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Stories this week at Wake Forest University

July 12, 2007

PROGRAM STRENGTHENS U.S./EUROPEAN TIES –– To strengthen connections between American and European youth, Wake Forest is hosting a U.S. Department of State-sponsored program for high school students from 36 countries through July 31.  Named in honor of America’s first diplomat, the “Benjamin Franklin Transatlantic Fellows Initiative: Summer Institute for Youth” (BFTFI) is the first youth-oriented program funded by the U.S. Department of State to focus exclusively on U.S.-European relations and to involve youth from all regions of Europe.  Approximately 70 high school students, representing countries from Norway to Uzbekistan and 20 U.S. high school students from across the nation are participating in workshops addressing diplomacy-related topics, completing a community service project and visiting Philadelphia and Washington, D.C. “This program’s aim is to empower the younger generation of Americans, Europeans and Eurasians to face global challenges with an understanding of perspectives beyond their own region,” said Allan Louden, director of the BFTFI and associate professor of communication at Wake Forest.  For a schedule or suggestions on the best days/times for coverage, contact the News Service.

Contact:  Cheryl V. Walker, or (336) 758-5237.

LOCAL TEACHERS COLLECT DNA, LEARN ‘CSI’ SCIENCE - Fifteen middle school science teachers from the Winston-Salem/Forsyth County Schools are becoming students themselves during a July 9-19 workshop at Wake Forest University called, “The Science Behind Biotechnology,” taught by Wake Forest associate professor Rebecca Alexander.  In the laboratory, they are learning hands-on activities they can replicate in their own classes such as isolating DNA from strawberries using household chemicals and cheesecloth.  During the two-week workshop, the teachers get to discuss issues such as plastics and recycling, the forensic science seen on popular TV shows like “CSI” and even the ethics of biologically engineered foods and stem cell research.  Participants also visit the Wake Forest Institute for Regenerative Medicine and the biopharmaceutical company Targacept at Piedmont Triad Research Park to see real-life examples of cutting-edge biotechnology.  Alexander’s workshop is funded by a research grant from the National Science Foundation.

Contact: Eric Frazier, or (336) 758-5238


BLOGGING IS KEY PART OF HISTORY MAJOR’S INTERNSHIP IN WASHINGTON, D.C. – Opportunities for learning and contributing during internships are changing with the times as Andrew Britt, a Winston-Salem native and rising Wake Forest junior, has discovered this summer while working at the American Historical Association in the nation’s capital.  In addition to helping digitize historical documents and assisting professional historians with their research projects, Britt is writing a blog on the AHA’s Web site.  Attending history conferences at the National Archives and writing for a professional audience is a natural fit for Britt, who plans to double major in history and English and later pursue a doctoral degree in history.  He credits Wake Forest history professors J. Howell Smith and Michele Gillespie for helping him find his calling as a historian.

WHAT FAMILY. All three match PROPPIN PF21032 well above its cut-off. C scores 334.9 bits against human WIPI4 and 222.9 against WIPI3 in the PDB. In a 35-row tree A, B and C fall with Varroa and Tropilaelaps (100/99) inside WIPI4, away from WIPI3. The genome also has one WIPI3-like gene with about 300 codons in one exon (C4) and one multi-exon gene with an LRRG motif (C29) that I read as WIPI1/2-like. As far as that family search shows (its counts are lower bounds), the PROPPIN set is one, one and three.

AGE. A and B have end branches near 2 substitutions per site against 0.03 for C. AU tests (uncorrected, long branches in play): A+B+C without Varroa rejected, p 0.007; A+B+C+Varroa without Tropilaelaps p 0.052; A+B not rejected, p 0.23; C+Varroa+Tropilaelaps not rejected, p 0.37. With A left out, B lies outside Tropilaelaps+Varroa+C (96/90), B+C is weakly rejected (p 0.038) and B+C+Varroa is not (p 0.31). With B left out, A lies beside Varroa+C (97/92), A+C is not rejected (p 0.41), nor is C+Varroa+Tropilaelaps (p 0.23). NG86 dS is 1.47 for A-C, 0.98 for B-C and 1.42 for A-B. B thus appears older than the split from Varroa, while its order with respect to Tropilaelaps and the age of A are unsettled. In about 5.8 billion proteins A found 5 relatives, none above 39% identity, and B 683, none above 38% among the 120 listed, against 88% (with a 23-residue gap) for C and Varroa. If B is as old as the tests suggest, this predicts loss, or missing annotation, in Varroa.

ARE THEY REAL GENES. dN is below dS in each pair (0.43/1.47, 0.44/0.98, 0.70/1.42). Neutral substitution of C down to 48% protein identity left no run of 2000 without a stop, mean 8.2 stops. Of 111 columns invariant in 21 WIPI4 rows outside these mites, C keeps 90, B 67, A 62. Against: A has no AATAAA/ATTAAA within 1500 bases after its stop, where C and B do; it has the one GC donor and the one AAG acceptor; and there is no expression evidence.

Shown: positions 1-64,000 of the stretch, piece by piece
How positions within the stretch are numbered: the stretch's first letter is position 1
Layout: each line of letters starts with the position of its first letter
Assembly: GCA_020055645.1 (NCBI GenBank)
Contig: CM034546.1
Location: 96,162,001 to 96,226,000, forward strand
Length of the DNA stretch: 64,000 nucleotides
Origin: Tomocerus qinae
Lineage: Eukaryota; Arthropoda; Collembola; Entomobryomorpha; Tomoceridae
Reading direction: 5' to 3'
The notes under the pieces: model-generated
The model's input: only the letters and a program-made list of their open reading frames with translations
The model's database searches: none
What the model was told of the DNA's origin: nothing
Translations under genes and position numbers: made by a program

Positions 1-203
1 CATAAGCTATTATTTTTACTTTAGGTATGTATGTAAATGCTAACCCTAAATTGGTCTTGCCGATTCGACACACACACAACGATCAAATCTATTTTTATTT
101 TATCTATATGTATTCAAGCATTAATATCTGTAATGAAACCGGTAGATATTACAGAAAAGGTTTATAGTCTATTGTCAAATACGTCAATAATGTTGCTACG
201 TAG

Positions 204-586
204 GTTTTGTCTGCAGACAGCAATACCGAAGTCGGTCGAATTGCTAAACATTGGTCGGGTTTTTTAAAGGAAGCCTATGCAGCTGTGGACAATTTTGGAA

Contact: Eric Frazier, or (336) 758-5238

STUDENTS RETURN FROM VIETNAM SERVICE LEARNING STUDY ABROAD TRIP – A dozen Wake Forest students returned this week from a six-week academic and service learning trip to Vietnam. During this joint program with Virginia Tech and three other schools, the students helped build a bridge and two houses in a village in South Vietnam near the city of Can Tho, the political, economic, cultural, and transportation center of the Mekong Delta region. Students had the opportunity to tour Vietnam, and participated in cultural activities such as visiting the tombs of the Nguyen emperors as well as a Buddhist monastery, taking Vietnamese cooking lessons and observing daily worship at the Cao Dai temple. Several of the students are from the Triad area and are available for interviews.

Contact: Audrey Fannin, or 336-758-4393


Members of the media are invited to experience firsthand the challenges faced by participants in a weight loss and exercise study for the elderly suffering from osteoarthritis. While wearing a weighted vest, reporters can go through some of the same testing and try the same exercises as the study participants.  Stephen Messier, professor of health and exercise science at Wake Forest, says the goal of the Intensive Diet and Exercise for Arthritis (IDEA) study “is to maintain quality of life and independence for those suffering from osteoarthritis.” The study began in January with the first set of 45 participants. The third set of participants joined the study July 9.  Participants are available for interviews, and there are many visual opportunities for photos and b-roll.

Contact: Audrey Fannin, or (336) 758-4393

GAMES, CRAFTS, FOOD FEATURED AT NATIVE AMERICAN FAMILY DAY—Wake Forest’s Museum of Anthropology will hold Native American Family Day July 21 from 1 – 4 p.m. at the museum.  The family-friendly event will celebrate Native American culture with stories, games, dances, crafts, music, food, face-painting and films presented by members representing the diverse Native peoples living in North Carolina.  Lumbee, Navajo, Sioux, Coharie, Mohawk, and Haliwa-Saponi people will participate.    The celebration is in conjunction with the museum’s summer exhibit “Rosebud Sioux:  A Lakota People in Transition.”  Admission is free and open to the public.

Contact:  Cheryl V. Walker, or (336) 758-5237.

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